You might not be able to have just any friends over. You might not be able to go crush a friend's place to play video games all night long. You may date any girls (but no overnight dates because birdie goes hungry when you are gone). However, you MUST marry someone who's at least 150% on board with the bird life. It is much easier to be in a relationship and start a bird life together than inviting a new person into a bird life in my opinion.

I just saw someone on facebook needing to rehome his bird because his wife said "ME or BIRD", and everyone on the post is saying "divorce your bad wife! If you rehome that bird, you are a bad owner. I would never marry that selfish women!" I'm not saying that's right or wrong, but imagine the pressure on that guy. I honestly think it is unfair to just ask anyone to live a bird life.

Similar story can happen between you and your parents, your future other half, and your future in-laws. (My in-laws won't event let me pet a dog. They say it's bad for girls wanting babies in the future...) Are you willing to put up with things like these?

3. Your bird ownership
It's good that your parents are going to co-own the bird. Are you okay if the bird ended up choosing your parent(s) over you? Let me just say...I was the one wanted a bird, and Winston picked my husband. I ended up to be the person who gets bites all the time. I'm talking about more than 20 bites, leaving marks, though my nails, and on my face, since I got Winston in November.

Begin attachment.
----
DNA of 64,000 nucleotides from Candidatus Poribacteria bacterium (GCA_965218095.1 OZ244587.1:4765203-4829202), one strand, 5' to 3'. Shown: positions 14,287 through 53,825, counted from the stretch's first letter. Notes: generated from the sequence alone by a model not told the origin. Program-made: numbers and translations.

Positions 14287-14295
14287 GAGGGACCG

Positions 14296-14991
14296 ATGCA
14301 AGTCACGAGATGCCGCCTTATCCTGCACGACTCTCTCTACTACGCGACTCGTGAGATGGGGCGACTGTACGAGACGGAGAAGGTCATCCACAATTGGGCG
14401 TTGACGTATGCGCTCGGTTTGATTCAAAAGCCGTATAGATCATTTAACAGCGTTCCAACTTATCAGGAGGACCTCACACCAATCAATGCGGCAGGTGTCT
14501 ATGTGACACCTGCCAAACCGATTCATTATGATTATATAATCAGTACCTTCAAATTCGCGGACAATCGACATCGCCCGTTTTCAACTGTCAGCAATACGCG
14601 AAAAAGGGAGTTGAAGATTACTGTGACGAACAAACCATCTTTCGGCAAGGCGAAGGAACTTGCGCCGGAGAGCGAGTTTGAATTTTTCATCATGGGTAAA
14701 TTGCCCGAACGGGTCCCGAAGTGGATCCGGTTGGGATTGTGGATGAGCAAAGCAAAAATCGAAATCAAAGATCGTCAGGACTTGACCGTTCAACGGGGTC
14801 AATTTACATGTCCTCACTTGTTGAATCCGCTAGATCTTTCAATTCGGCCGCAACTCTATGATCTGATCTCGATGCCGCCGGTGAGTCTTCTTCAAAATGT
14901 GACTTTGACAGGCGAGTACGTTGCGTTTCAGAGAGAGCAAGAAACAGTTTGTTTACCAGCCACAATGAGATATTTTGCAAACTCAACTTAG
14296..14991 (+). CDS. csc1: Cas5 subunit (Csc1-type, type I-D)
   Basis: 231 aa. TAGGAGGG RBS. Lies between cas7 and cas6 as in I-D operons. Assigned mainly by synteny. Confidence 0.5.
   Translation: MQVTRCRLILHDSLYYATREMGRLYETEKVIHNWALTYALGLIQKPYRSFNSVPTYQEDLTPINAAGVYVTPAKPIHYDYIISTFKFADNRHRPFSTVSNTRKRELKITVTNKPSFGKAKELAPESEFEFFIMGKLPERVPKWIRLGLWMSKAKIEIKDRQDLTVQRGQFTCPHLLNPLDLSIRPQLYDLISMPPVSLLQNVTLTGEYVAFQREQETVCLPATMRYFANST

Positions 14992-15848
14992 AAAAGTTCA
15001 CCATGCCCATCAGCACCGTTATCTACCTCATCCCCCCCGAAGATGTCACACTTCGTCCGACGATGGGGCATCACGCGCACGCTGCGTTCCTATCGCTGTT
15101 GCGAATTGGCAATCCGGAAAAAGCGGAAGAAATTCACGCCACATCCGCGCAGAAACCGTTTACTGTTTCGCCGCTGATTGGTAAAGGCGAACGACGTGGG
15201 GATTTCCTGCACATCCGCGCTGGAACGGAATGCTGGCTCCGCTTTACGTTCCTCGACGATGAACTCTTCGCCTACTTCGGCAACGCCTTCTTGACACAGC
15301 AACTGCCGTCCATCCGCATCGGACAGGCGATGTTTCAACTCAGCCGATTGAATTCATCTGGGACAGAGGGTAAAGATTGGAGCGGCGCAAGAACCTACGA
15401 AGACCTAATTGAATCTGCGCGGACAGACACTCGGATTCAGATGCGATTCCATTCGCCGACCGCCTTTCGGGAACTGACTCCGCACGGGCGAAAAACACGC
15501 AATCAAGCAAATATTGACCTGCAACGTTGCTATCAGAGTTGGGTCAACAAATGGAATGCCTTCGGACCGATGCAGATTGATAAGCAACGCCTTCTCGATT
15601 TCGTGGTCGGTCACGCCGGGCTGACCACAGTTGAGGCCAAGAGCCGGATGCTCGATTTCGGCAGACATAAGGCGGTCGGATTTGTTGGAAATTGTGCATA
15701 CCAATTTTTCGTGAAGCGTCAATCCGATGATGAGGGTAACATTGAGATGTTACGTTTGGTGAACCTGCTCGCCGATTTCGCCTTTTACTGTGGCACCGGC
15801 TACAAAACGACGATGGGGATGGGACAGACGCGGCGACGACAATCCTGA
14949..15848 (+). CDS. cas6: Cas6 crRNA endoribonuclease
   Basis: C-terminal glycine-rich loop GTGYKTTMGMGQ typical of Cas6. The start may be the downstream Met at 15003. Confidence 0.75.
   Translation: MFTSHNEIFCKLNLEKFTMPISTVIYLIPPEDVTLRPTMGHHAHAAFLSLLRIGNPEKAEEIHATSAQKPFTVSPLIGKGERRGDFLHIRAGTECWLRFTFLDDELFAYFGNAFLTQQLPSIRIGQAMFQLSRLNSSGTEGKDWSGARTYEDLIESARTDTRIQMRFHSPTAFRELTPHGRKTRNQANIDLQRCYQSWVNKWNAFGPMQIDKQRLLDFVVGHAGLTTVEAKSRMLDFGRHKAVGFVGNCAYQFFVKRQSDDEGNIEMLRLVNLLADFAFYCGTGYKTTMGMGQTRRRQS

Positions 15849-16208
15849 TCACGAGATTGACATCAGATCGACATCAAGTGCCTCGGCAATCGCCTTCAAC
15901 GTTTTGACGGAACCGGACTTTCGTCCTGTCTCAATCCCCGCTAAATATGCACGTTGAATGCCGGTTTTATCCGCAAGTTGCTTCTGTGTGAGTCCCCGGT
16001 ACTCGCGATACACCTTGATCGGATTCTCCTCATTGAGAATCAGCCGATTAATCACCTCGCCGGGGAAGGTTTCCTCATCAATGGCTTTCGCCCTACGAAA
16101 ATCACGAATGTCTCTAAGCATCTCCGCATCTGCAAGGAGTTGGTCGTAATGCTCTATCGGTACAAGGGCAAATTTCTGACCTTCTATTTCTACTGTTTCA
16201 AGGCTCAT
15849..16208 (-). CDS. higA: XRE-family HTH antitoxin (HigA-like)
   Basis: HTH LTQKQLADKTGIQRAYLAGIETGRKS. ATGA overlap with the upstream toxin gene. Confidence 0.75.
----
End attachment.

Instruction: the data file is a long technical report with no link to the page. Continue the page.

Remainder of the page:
A grey is much more likely to pick a favorite person than an Eclectus. My Eclectus tolerates me just enough, and I'm working on getting us there. But, I am still disappointed at times. A bird is not going to love you unconditionally. Can you accept the bird even you ended up being the "bad person".

So, all above are the negatives I can think of. It is possible that you might be the special person who can keep a bird in college. However, I hope you make an informed decision. If you still want a bird, I urge you to wait until your first year in college. You will have a much better idea on how you can cope with a bird and university life at the same time.

I hope it helps! No matter what you decide, the forum will still be here when you need advice on your future bird.

Last edited by shinyuankuo; 01-13-2020 at 09:46 PM.
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  #30 (permalink)  
Old 01-13-2020, 10:17 PM
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Re: Questions about getting an Eclectus or African Grey Parrot

Quote: Originally Posted by Laurasea View Post
Also don't get a baby bird that isn't weaned. You want a fully weaned baby. Also you want the young bird to have all feathers a d learn to fly. That prevents many behavior problem later in life. Getting an unweaned baby won't make you closer, infact babies are programed to leave parents. Also taking an unweaned baby can lead to their death, or other problems. The larger parrots take longer to wean, so bad breeders want to dump them and the work, and get cash faster.
Oh... that’s surprising, I was actually aiming for a baby bird but now that I’ve read this I guess not. Thank you for the tips